• Anytime anyone uses some kind of DRM, require them to provide the government with a copy of the key and a release date - when the copyright ends. Charge them a small yearly fee for key storage. If they stop paying the fee (i.e. they go bankrupt and no one takes over the fee payment) or the copyright protection date ends, the keys become public property, available for free.
  • Set aside rights of way for infrastructure. Make those rights of way available as franchises to all infrastructure providers. That way, it will be harder for one provider to behave like a dictatorial monopoly.

    Don't let the infrastructure providers (the people who own the cables) get into the content business.

  • Ability to access human information networks must be one of the human rights.

    This access has to be untampered, unrestricted, non-censored and privacy has to be respected.

    US/EU constitutional amendment should be issued to support this cause.

    Also net neutrality has to be of utmost importance. Preventing corporate influence and fair competition in the global networks. Constitutional amendment should cover this also.
  • by Opportunist ( 166417 ) on Friday June 12, 2009 @05:58PM (#28314773)

    Digital rights should be not much different from the rights you (should) enjoy in your real life. Basically they are

    protection from search and seizure
    protection of privacy
    protection from undue profiling

    The last bit may not be an issue in reality, it is in the "information age" and the "information society", though. Computers are great at storing, filtering and cross linking data.

    In detail, this would mean that the search of personal belongings stretch to your personal data that you store on your PCs. I.e. searching your PC should be protected as searching of your worldly possessions is. Intercepting and examining your traffic should follow the same rules that intercepting and examining your other correspondence follows. Collecting data should be limited to the necessary minimum. Cross referencing data should be defined and subject to review.

    Most of all, demand a system of auditing and surveillance of those that may (under special circumstances, to protect the law) overstep those boundaries. I.e., a search of your computer can be conducted without your knowledge (unlike, say, a search of your home which you would most likely notice), so demand a system that someone searched has to be informed afterwards that he was searched, and why. Either the law enforcement found what they were looking for (and thus have every right to do the search in the first place), or they have to explain why they did it. Without, the temptation to "just make sure", on a "hunch" is way too big.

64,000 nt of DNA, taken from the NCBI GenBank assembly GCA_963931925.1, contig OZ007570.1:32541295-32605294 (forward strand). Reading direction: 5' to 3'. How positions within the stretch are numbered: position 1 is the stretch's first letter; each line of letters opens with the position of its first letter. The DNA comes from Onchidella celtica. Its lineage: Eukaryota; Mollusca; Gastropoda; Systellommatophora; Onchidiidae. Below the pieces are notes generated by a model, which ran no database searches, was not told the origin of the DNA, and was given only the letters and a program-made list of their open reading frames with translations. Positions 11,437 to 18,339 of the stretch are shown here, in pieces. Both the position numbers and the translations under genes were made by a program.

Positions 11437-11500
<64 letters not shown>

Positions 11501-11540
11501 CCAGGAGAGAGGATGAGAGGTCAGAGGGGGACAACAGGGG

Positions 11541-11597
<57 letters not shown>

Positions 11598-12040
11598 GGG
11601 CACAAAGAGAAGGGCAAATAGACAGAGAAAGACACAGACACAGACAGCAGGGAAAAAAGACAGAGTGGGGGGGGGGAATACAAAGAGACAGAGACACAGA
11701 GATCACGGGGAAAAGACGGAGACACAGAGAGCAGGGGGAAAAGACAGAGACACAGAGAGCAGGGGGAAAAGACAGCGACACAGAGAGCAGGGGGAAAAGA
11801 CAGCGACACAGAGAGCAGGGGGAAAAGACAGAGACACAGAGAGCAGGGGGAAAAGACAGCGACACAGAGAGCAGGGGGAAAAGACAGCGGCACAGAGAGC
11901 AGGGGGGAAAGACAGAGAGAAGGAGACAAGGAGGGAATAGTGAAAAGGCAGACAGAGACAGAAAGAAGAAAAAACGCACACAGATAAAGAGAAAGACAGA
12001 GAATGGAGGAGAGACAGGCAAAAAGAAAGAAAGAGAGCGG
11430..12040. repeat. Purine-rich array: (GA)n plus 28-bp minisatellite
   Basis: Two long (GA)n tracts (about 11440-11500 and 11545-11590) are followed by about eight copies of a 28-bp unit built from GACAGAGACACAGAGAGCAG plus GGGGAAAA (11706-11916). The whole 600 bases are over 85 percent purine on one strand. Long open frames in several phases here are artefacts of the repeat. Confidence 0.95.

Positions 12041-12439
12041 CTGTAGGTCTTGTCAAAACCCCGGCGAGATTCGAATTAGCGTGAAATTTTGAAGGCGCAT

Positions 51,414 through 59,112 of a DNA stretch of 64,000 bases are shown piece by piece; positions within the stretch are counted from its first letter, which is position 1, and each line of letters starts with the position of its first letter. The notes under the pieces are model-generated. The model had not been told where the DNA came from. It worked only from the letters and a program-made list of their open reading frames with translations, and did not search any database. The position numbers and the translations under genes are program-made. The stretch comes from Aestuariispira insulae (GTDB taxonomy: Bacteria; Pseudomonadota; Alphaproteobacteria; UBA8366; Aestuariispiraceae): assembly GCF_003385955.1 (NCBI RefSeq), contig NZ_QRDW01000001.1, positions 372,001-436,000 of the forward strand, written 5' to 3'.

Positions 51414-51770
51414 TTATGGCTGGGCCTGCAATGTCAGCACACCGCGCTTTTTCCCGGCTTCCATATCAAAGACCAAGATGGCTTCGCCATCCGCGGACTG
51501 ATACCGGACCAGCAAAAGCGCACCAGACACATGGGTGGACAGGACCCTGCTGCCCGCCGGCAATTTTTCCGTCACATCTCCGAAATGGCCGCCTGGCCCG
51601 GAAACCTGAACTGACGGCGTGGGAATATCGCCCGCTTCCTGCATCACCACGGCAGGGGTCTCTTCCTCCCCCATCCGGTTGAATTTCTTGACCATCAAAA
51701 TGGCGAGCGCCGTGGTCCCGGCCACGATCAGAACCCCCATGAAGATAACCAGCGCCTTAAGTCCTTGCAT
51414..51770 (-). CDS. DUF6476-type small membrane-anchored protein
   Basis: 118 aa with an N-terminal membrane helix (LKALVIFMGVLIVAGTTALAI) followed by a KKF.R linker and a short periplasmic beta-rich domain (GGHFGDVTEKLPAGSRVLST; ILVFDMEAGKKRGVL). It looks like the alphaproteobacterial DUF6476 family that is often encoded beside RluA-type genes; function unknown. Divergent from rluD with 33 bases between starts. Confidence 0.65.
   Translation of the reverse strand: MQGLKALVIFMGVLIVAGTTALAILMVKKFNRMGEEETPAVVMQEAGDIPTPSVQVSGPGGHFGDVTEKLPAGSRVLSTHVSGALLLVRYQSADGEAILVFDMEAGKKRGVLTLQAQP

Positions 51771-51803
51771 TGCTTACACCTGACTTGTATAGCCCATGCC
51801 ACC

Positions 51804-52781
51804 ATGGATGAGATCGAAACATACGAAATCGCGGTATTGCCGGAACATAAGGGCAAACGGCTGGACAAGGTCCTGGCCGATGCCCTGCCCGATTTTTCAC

Also, a penalty system for organisations collecting data has to be put into place that ensure they don't take securing private data of others lightly. So far, the penalties I know of are something that's factored in as part of the risk management expenses. I would not deem it overblown to revoke the right to store personal data from repeat offenders. Yes, that means close your business. If you're unfit to secure your customer data, you're unfit to do business in a digital information-heavy world.

    The main portion here is "watching the watchers". And the "storers".

  • I think that's an equivalent question. Both are imaginary/purely concepts.

  • Based on the troubles we have been having in the United States (and a bit of knowledge of history), I would make these suggestions:

    (1) Original written works (stories, novels, magazine articles, poems, music, and software are properly governed by copyrights, not patents. Ever. [This eliminates the innovation-stifling patent wars we have been having over stupid things that should never have been granted patents in the first place.]

    (2) Copyright must be claimed by the creator of the work BEFORE a vio
  • I'd take that phrase of yours and apply it as broadly as possible. To the greatest extent possible make sure that all laws are written so that they apply equally and explicitly to digital and otherwise. There is nothing fundamental about digital that requires different rights, protections, etc. Given the chance to segregate digital from other concerns, many politicians and law enforcement people will treat them differently even when it's not warranted. Some times this is through ignorance, some times pleadi

  • Go back to the original bargain at the heart of copyright. The government grants you a monopoly on the profit from the work for a limited time, and you agree to not hide the work.

    A key here is _limited_ time. That definition has been stretched past the point of credibility these days. It should be something like 5 years, instead of lifetime plus 75. Let's face it, the bulk of the profits on a work will come in those first few years. After that, let the public have it.